Table aliases in SQL queries

To save typing and add additional functionality, table aliases are sometimes used in queries. Consider an example that finds all inventory details of wine #183:

SELECT * FROM inventory i, wine w
WHERE i.wine_id = 183 AND
      i.wine_id = w.wine_id;

In this query, the FROM clause specifies aliases for the table names. The alias inventory i means than the inventory table can be referred to as i elsewhere in the query. For example, i.wine_id is the same as inventory.wine_id. This saves typing in this query.

Aliases are powerful for complex queries that need to use the same table twice but in different ways. For example, to find any two customers with the same surname, you can write the query:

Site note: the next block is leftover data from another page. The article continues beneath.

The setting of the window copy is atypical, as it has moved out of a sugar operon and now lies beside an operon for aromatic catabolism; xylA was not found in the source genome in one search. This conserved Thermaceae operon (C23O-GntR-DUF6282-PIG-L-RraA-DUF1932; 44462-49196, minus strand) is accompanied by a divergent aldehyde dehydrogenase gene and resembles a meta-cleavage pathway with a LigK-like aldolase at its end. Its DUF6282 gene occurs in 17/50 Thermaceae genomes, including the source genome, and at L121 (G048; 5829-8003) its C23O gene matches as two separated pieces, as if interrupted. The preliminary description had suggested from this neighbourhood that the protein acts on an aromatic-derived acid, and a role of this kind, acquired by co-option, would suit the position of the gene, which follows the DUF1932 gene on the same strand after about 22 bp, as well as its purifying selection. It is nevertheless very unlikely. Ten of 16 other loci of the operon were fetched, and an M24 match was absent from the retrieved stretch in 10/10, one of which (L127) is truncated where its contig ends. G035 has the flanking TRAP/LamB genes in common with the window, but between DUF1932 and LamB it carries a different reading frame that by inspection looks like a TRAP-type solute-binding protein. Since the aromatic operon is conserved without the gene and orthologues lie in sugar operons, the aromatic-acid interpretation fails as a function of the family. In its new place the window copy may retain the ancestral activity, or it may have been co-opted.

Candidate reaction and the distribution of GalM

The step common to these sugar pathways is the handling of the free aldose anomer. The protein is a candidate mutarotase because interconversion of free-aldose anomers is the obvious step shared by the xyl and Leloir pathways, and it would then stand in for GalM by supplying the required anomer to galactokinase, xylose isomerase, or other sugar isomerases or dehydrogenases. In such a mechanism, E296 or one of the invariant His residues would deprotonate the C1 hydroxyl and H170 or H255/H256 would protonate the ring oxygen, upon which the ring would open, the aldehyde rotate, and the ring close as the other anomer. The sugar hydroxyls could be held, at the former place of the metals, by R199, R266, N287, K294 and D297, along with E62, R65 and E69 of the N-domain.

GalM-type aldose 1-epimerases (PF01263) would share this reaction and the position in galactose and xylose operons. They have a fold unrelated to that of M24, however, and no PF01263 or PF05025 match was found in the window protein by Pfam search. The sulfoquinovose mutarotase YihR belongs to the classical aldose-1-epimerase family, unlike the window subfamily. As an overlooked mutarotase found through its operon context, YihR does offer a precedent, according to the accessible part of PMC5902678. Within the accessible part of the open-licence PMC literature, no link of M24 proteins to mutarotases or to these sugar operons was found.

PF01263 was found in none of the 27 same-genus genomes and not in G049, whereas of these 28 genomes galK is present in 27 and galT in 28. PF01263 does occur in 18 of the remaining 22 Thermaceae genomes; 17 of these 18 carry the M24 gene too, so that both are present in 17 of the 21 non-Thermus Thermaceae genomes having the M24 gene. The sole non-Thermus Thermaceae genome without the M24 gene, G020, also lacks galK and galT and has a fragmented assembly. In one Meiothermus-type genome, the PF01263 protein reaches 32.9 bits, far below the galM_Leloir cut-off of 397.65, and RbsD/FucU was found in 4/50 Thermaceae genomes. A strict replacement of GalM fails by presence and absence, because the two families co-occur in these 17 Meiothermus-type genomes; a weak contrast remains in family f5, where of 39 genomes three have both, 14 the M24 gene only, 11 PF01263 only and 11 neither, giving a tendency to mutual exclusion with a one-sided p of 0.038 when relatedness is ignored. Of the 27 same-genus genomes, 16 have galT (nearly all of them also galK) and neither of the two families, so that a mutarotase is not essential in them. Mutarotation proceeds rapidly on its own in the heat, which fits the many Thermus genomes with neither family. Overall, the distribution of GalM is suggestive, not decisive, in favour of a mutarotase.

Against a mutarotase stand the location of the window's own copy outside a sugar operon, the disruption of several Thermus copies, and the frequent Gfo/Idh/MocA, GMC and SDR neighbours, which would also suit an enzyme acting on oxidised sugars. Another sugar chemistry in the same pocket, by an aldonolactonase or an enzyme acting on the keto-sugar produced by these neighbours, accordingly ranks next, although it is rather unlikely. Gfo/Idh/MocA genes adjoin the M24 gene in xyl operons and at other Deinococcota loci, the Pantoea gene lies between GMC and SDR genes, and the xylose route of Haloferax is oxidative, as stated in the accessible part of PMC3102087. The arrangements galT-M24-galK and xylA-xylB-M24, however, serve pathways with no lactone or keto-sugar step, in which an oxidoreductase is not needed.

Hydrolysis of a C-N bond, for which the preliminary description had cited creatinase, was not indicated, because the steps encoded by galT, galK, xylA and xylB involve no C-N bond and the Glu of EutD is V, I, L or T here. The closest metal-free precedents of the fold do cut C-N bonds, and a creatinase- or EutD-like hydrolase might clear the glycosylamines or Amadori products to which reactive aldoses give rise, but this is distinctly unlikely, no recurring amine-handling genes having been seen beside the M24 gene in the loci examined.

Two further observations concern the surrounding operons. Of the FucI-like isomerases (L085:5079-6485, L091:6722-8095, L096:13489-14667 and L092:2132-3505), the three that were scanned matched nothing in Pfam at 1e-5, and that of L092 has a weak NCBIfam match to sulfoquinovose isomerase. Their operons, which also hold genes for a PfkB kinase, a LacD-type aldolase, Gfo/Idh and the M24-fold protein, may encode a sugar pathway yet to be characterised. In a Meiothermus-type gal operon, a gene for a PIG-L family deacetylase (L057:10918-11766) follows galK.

SELECT c1.cust_id, c2.cust_id FROM
       customer c1, customer c2 WHERE
       c1.surname = c2.surname AND
       c1.cust_id != c2.cust_id;

The final clause, c1.cust_id!=c2.cust_id, is essential; without it, all customers are reported as answers. This occurs because all customers are rows in tables c1 and c2 and, for example, a customer with cust_id=1 in table c1 has-of course-the same surname as the customer with cust_id=1 in table c2.

Using DISTINCT in joins

The next join example uses the DISTINCT operator to find red wines that cost less than . Wines can have more than one inventory row, and the inventory rows for the same wine can have the same per-bottle cost. The DISTINCT operator shows each wine_name and cost pair once by removing any duplicates. To find which red wines cost less than , use:

SELECT DISTINCT wine_name, cost
  FROM wine,inventory WHERE
    wine.wine_id=inventory.wine_id AND
    inventory.cost<10 AND

Here are two examples that use DISTINCT to show only one matching answer:

  • To find which cities customers live in:

    SELECT DISTINCT city FROM customer;
  • To find which customers have ordered wines:

    SELECT DISTINCT surname,firstname FROM customer,orders
      WHERE customer.cust_id = orders.cust_id
      ORDER BY surname,firstname;